Chic African Culture Africa Factbook

Cocoyams in Africa plus an easy recipe

Cocoyams have a long history of cultivation in Africa, especially in West and Central Africa, where they are a staple food for many people. Cocoyams are rich in carbohydrates, fiber, vitamins and minerals and can be cooked in various ways. Cocoyams can also provide food security and income for small-scale farmers, especially women, who are the main producers of this crop.
 
Making a pounded cocoyam fufu recipe in Central Africa
Making a pounded cocoyam fufu recipe in
Central Africa

Where yam is King of crops, African cocoyams are often associated with peasant crops; cocoyam is considered a poor man’s crop or a woman’s crop.

Women cocoyam farmers play an important role in farming for daily food and income for their families, especially in Nigeria which is one of the largest producers of cocoyam in the world contributing about 40 percent of total annual production.


Cocoyam have several plant varieties, some with edible tubers and others with edible stems. Cocoyam or Taro plants are a traditional woman's staple root crop in many African countries. All plant parts may cause stomach upset if eaten raw, and the sap may irritate skin.

Cocoyam, if eaten raw, the calcium oxalate crystals causes a stinging feeling to the mouth and throat; cocoyam must be cooked before being eaten. Foods also high in calcium oxalate crystals are spinach, beets, cocoa powder, almonds, strawberries and cranberries. Cocoyam is a generic term for the arrowleaf elephant ear varieties of the tropical starchy tuberous root crop.

Joseph Onyeka with at the National Root Crops Research Institute state's, Farmers depend on cocoyam as a major staple food during critical periods such as conflict, famine and natural disasters. The Consultative Group for International Agricultural Research (CGIAR) says “In West and Central Africa cocoyam is often associated with low income and socioeconomic status, and its production system is largely an informal activity.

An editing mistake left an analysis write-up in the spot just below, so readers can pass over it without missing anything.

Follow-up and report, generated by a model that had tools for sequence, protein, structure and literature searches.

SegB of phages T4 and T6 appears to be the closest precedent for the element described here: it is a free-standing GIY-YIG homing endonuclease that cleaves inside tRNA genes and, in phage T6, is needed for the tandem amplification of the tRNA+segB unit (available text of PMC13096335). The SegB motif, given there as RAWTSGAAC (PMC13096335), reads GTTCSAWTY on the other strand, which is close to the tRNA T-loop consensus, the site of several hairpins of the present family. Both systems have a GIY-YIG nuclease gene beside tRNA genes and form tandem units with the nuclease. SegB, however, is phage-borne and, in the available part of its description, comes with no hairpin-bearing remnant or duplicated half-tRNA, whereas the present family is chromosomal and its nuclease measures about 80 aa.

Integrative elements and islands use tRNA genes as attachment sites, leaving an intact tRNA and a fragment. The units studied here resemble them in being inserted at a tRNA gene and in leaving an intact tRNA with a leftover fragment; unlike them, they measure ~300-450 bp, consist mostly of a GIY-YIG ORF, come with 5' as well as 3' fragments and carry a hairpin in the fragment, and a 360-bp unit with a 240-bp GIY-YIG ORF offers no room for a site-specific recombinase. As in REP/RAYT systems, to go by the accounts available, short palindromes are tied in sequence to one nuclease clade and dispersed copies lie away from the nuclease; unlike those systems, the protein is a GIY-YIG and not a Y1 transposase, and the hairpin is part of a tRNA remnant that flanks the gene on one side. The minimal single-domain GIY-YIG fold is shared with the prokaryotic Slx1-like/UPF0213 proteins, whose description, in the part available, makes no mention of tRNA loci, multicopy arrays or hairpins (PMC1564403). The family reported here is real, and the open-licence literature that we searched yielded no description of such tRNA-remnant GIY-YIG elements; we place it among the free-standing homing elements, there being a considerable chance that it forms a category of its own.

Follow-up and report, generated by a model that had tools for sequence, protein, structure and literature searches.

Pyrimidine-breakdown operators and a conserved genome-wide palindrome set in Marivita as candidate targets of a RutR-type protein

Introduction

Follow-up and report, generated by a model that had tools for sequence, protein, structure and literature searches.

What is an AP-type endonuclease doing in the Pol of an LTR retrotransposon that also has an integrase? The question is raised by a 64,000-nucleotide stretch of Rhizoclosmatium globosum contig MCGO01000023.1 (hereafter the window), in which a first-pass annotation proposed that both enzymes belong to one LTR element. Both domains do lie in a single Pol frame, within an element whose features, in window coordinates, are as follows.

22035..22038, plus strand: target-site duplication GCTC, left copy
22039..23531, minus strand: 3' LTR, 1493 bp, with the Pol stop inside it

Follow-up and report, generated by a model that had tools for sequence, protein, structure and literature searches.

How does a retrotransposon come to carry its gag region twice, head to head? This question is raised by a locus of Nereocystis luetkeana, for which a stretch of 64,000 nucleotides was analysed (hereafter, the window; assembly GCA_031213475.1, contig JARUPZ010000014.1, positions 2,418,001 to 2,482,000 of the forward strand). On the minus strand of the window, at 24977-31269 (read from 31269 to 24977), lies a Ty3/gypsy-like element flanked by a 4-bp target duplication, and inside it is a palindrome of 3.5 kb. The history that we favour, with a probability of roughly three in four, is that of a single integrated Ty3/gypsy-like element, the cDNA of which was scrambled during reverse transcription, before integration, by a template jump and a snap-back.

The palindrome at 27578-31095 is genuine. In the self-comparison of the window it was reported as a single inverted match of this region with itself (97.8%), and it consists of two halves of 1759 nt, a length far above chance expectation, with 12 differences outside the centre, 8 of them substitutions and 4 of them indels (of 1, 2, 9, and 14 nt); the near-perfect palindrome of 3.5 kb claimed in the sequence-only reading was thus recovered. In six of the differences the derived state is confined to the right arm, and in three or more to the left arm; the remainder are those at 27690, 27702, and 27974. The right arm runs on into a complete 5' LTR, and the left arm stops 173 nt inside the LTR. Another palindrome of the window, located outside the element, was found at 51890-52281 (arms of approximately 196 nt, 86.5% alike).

As a result, cocoyam is usually considered a poor man’s or woman’s crop, as most producers are female. In Ghana, a woman who does not have a cocoyam farm might as well be a non-farmer, Onyeka stated. Following an old eastern Nigerian tradition, female farmers normally have cocoyam farms that their sons-in-law are expected to help with cultivating.

Women are the cultivators of cocoyam farming in most African countries, thus improving cocoyam production should have a direct impact on the most economically vulnerable groups. Women cocoyam farmers play an important role in farming for daily food and income for their families, especially in Nigeria which is one of the largest producers of cocoyam in the world contributing about 40% of total annual production.

African cocoyam vegetable soup
African cocoyam vegetable soup

Ofe Onugbu Cocoyam Vegetable Soup Recipe

Ingredients
1 large cocoyam root peeled and diced
3 large tomatoes, diced
2 handfuls bitter leaf or kale
2 medium chopped onions
1 medium chopped red bell pepper
1 medium chopped green bell pepper
1 teaspoon ground allspice
½ teaspoon ground ginger
1 teaspoon tamarind paste
2 teaspoons red pepper flakes
1 teaspoon minced garlic
2 cups vegetable stock


Directions
Add all ingredients to a large pot, simmer until thick 25 minutes. Serve warm with rice.
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